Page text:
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J Clin Pathol. Dec 2005; 58(12): 1336–1338.
PMCID: PMC1770804

Application of the FICTION technique for the simultaneous detection of immunophenotype and chromosomal abnormalities in routinely fixed, paraffin wax embedded bone marrow trephines


The use of interphase fluorescence in situ hybridisation (FISH) to study cytogenetic abnormalities in routinely fixed paraffin wax embedded tissue has become commonplace over the past decade. However, very few studies have applied FISH to routinely fixed bone marrow trephines (BMTs). This may be because of the acid based decalcification methods that are commonly used during the processing of BMTs, which may adversely affect the suitability of the sample for FISH analysis. For the first time, this report describes the simultaneous application of FISH and immunofluorescent staining (the FICTION technique) to formalin fixed, EDTA decalcified and paraffin wax embedded BMTs. This technique allows the direct correlation of genetic abnormalities to immunophenotype, and therefore will be particularly useful for the identification of genetic abnormalities in specific tumour cells present in BMTs. The application of this to routine clinical practice will assist diagnosis and the detection of minimal residual disease.

Keywords: FICTION, fluorescence in situ hybridisation, lymphoma, bone marrow trephine

The aberrant changes in protein expression, function, and localisation seen in haematological malignancies are often caused by chromosomal abnormalities.1 Although the detection of chromosome abnormalities using fluorescence in situ hybridisation (FISH) assays may aid the diagnosis of several types of haematological malignancy—for example, t(11;14) in mantle cell lymphoma (MCL) and t(14;18) in follicular lymphoma (FL)—it has not been widely applied to the study of bone marrow trephines (BMTs). Since the introduction of EDTA as a decalcifying agent,2 there have been a few reports of the successful application of interphase FISH for the detection of cytogenetic abnormalities on routinely fixed BMTs.3,4 However, because BMTs may contain low numbers of infiltrating neoplastic cells, the identification of abnormal cells using FISH can be very difficult. We have further developed these previous studies and here we report, for the first time, the successful application of a modified FICTION technique to allow the study of BMTs. This technique allows the rapid identification of rare CD20 positive B cells within the bone marrow by immunophenotyping and can simultaneously identify any specific genetic aberrations harboured by these cells.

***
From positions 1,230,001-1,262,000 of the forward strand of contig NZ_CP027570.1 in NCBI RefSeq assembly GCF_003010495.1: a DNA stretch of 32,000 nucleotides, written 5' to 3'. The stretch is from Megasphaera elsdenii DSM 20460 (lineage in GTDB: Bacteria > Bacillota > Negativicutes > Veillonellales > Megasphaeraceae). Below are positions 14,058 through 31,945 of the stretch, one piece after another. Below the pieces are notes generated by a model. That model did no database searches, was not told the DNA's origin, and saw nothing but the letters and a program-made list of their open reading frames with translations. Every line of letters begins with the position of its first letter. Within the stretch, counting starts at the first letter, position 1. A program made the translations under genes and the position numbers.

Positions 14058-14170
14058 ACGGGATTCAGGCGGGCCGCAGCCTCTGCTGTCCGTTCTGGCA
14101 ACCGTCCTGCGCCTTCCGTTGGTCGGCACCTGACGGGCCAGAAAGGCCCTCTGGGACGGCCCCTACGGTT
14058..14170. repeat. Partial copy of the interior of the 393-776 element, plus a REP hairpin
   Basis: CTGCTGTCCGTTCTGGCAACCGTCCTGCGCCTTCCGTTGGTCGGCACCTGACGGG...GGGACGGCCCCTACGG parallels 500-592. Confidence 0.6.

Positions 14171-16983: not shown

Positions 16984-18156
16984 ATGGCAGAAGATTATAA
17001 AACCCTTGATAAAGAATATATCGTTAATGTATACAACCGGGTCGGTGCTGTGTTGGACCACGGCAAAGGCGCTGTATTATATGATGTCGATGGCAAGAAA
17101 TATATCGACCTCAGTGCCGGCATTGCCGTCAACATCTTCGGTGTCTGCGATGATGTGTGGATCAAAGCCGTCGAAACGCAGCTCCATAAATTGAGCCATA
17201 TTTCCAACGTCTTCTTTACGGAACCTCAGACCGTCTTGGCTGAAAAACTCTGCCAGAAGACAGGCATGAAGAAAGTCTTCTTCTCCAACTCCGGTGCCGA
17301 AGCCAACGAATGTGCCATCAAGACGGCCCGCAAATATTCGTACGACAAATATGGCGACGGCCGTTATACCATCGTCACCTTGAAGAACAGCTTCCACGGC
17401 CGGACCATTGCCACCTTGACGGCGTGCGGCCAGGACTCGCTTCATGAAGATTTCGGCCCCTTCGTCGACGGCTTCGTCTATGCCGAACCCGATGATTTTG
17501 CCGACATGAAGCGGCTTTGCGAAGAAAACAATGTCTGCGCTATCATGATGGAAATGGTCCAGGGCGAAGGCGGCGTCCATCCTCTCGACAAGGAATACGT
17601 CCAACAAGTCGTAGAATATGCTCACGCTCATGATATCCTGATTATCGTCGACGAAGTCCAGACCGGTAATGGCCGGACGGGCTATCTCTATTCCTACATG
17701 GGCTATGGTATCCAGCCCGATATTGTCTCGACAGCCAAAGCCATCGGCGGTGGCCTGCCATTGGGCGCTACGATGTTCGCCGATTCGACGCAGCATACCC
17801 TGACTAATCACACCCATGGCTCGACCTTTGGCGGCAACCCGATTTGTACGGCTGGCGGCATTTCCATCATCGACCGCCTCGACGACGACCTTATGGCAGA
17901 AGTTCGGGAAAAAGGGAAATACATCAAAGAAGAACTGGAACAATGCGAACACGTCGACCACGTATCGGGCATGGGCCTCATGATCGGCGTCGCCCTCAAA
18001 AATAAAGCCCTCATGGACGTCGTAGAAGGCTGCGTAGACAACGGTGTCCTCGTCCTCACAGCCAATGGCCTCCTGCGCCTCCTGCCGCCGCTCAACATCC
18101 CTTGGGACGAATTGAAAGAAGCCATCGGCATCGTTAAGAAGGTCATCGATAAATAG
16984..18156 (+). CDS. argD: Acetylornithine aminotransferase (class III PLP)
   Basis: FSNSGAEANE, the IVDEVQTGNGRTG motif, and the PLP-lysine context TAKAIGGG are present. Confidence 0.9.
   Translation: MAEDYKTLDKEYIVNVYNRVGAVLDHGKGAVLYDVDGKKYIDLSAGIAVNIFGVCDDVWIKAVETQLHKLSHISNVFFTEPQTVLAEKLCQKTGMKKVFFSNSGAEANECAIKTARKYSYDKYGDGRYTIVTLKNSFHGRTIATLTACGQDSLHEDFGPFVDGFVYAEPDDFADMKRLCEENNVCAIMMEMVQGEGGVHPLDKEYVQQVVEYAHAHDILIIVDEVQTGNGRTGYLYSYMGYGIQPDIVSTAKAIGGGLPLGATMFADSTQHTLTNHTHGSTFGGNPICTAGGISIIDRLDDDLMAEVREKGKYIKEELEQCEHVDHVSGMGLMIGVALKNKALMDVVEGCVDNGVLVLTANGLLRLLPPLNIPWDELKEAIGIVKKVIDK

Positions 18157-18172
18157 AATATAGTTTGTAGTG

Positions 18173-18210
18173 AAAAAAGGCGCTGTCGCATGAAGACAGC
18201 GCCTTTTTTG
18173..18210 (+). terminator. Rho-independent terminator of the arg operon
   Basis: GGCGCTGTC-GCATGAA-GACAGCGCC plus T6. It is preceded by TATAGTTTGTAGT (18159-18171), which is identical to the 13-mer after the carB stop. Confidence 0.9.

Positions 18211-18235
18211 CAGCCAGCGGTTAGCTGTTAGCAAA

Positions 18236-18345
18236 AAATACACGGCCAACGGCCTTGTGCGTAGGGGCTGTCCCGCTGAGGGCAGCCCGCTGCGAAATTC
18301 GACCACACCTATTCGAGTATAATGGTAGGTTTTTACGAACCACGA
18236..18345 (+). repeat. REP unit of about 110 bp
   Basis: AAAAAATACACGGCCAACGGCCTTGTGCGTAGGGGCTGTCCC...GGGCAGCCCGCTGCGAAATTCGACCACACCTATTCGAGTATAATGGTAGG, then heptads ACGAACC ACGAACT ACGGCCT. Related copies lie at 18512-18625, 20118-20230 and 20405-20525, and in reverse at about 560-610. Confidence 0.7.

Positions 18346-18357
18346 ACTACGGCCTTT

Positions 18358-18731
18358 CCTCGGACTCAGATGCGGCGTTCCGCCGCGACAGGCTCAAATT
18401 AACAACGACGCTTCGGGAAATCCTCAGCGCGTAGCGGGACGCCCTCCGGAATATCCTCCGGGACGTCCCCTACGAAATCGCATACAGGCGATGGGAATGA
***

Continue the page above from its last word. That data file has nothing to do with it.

BMTs from patients diagnosed with FL (n  = 5), chronic lymphocytic leukaemia (CLL) (n  = 5), MCL (n  = 2), acute lymphoblastic leukaemia (ALL) (n  = 3), or with no detectable neoplasms (n  = 7) were obtained, with ethical permission, from the Merkur University Hospital, Zagreb, Croatia between 1998 and 2004. After biopsy, the BMTs were stored for a minimum of 12 hours in Schaffer’s solution (50 ml formalin (37–40%), 50 ml methanol). Decalcification was performed by incubation for 48–72 hours in either Osteosoft (EDTA based; Merck, Hoddesdon, Hertfordshire, UK) or Shandon TBD-1 decalcifier (HCl based; Thermo Electron Corporation, Basingstoke, Hampshire, UK). Samples were then dehydrated in an alcohol series (70% ethanol, 96% ethanol, and absolute ethanol; two hours each), followed by incubation in Shandon xylene substitute (two hours; Thermo Electron Corporation). Tissues were submerged overnight in liquid Paraplast (Thermo Electron Corporation) before embedding in paraffin wax blocks. Tissue sections (4 μm thick) were then cut, mounted on charged slides (Snowcoat X-tra; Surgipath, Richmond, Illinois, USA), and left to dry overnight at 56°C.


Tissue sections were dewaxed in Citroclear (3 × 5 minutes; HD Supplies, Aylesbury, Buckinghamshire, UK), washed for two minutes in absolute ethanol, and rehydrated in an alcohol series (absolute ethanol, 85% ethanol, and 70% ethanol; two minutes each), followed by submersion for two minutes in deionised H2O. Slides were then transferred to antigen retrieval buffer (50 ml deionised H2O, 1mM EDTA, pH 8) and heated in a Decloaking Chamber digital pressure cooker (Biocare Medical, Hamburg, Germany) at 125°C for three minutes before washing in Tris buffered saline (100 ml) for five minutes.

All incubations were performed at room temperature, in the dark, and interspersed with five minute washes in Tris buffered saline. Sections were sequentially incubated for 30 minutes with a mouse monoclonal antibody directed against CD20 (1/20 dilution; DakoCytomation, Glostrup, Denmark), for 45 minutes with biotin conjugated rabbit antimouse immunoglobulin (1/100 dilution; DakoCytomation), and for 45 minutes with a mixture of AlexaFluor 350 conjugated goat antirabbit immunoglobulin and AlexaFluor 350 conjugated streptavidin (both at 1/100 dilution; Molecular Probes, Leiden, the Netherlands). The slides were washed as before, dehydrated in an alcohol series (70% ethanol, 85% ethanol, and absolute ethanol; two minutes each), and allowed to air dry in the dark. Dual fusion t(11;14), t(11;18), t(8;14) and breakapart c-MYC FISH probes (Abbott Diagnostics, Maidenhead, Berkshire, UK) were prepared according to the manufacturer’s instructions. An aliquot (1.6 µl) was applied to the area of interest on the BMT, covered with a 10 mm diameter circular coverslip (Raymond Lamb, Eastbourne, East Sussex, UK), and sealed with liquid rubber cement (bicycle tyre repair rubber solution). When the rubber cement had dried, slides were placed in a HYBrite Hybridiser (Abbott Diagnostics) and denatured at 85°C for five minutes, followed by overnight hybridisation at 37°C. The next day, slides were washed three times (five minutes each) in preheated 0.1× saline sodium citrate at 60°C, mounted using Vectashield mounting medium for fluorescence (without DAPI) (Vector Laboratories Inc, Burlingame, California, USA), and viewed using a fluorescence microscope equipped with a dual pass fluorescein isothiocyanate/rhodamine filter and an ultraviolet longpass filter (Chroma Technology Corp, Rockingham, Vermont, USA).